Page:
Strong Solar Storm Could Disrupt Cell Phones, Pagers
October 24, 2003
Scientists say they are expecting a strong geomagnetic storm to hit Earth Friday -- and there could be some problems for electrical grids and satellite communications.
Forecasters at the National Oceanic and Atmospheric Administration in Boulder say they have watched one of the largest sunspot clusters in years develop over the last three days.
They say that produced what is called a coronal mass ejection -- and that's similar to a solar flare.
A coronal mass ejection is an explosion of gas and charged particles into space from the corona -- the outermost layer of the sun's atmosphere.
Solar storms can damage satellites, power grids and pipelines, as well as other electrical disturbances that can affect cable TV, pager and cellular telephone service.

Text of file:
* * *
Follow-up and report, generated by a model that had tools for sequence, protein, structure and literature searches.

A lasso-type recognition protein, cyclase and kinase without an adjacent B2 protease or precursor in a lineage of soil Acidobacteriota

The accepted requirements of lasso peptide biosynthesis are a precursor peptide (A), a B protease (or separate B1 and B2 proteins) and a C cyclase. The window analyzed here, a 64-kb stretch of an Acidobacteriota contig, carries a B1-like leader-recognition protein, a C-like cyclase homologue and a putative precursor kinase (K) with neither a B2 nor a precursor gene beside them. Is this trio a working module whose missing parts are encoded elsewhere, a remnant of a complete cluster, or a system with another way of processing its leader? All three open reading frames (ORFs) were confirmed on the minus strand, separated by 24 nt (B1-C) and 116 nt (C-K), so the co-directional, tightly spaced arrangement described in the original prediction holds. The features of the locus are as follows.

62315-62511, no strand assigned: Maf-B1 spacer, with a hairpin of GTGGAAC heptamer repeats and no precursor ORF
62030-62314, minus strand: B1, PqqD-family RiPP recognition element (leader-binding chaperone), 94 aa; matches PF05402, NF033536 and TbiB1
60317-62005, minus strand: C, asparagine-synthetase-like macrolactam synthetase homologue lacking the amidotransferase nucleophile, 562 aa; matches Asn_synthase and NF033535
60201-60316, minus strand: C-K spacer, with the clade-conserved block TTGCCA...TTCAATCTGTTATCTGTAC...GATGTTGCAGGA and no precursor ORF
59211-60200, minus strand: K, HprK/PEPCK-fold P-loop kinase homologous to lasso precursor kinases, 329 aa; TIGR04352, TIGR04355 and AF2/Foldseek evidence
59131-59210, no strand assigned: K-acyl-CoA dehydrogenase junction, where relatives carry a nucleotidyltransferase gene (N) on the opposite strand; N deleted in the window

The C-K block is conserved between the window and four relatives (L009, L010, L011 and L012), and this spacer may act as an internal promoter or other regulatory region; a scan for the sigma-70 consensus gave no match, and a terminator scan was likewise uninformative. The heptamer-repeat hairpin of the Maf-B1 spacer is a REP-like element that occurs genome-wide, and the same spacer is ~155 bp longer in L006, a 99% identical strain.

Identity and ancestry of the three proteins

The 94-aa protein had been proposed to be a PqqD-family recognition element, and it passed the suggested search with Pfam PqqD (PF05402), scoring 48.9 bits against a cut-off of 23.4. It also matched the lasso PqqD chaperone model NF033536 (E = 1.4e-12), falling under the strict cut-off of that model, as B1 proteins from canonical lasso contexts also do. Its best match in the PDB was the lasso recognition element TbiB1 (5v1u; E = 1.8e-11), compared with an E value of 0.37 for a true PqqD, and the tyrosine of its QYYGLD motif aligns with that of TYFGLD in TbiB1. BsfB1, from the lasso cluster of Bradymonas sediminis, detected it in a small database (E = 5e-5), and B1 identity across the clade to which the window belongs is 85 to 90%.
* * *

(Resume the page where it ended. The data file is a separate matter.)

Satellites in orbit high above the Earth's protective atmosphere are particularly susceptible to solar radiation. High-energy electrons from the storm can penetrate spacecraft, zapping the electronics and turning data bits from "0" to "1" or vice versa, causing the satellites to go into unexpected modes and maneuvers.
The list of major satellites knocked out by solar storms is long and costly. A recent example is the $200 million AT&T Telstar 401 satellite that experienced a massive power failure in 1997 only days after a solar storm arrived at Earth. Among networks affected were ABC, Fox and PBS, which used the satellite to beam programming to affiliate stations. The satellite also carried pager service, which was knocked out to 45 million people.
Three earlier-model satellites were also disabled in 1994 by a solar storm which triggered electrical failures in them.
The administration says a similar storm could happen again sometime over the next two weeks.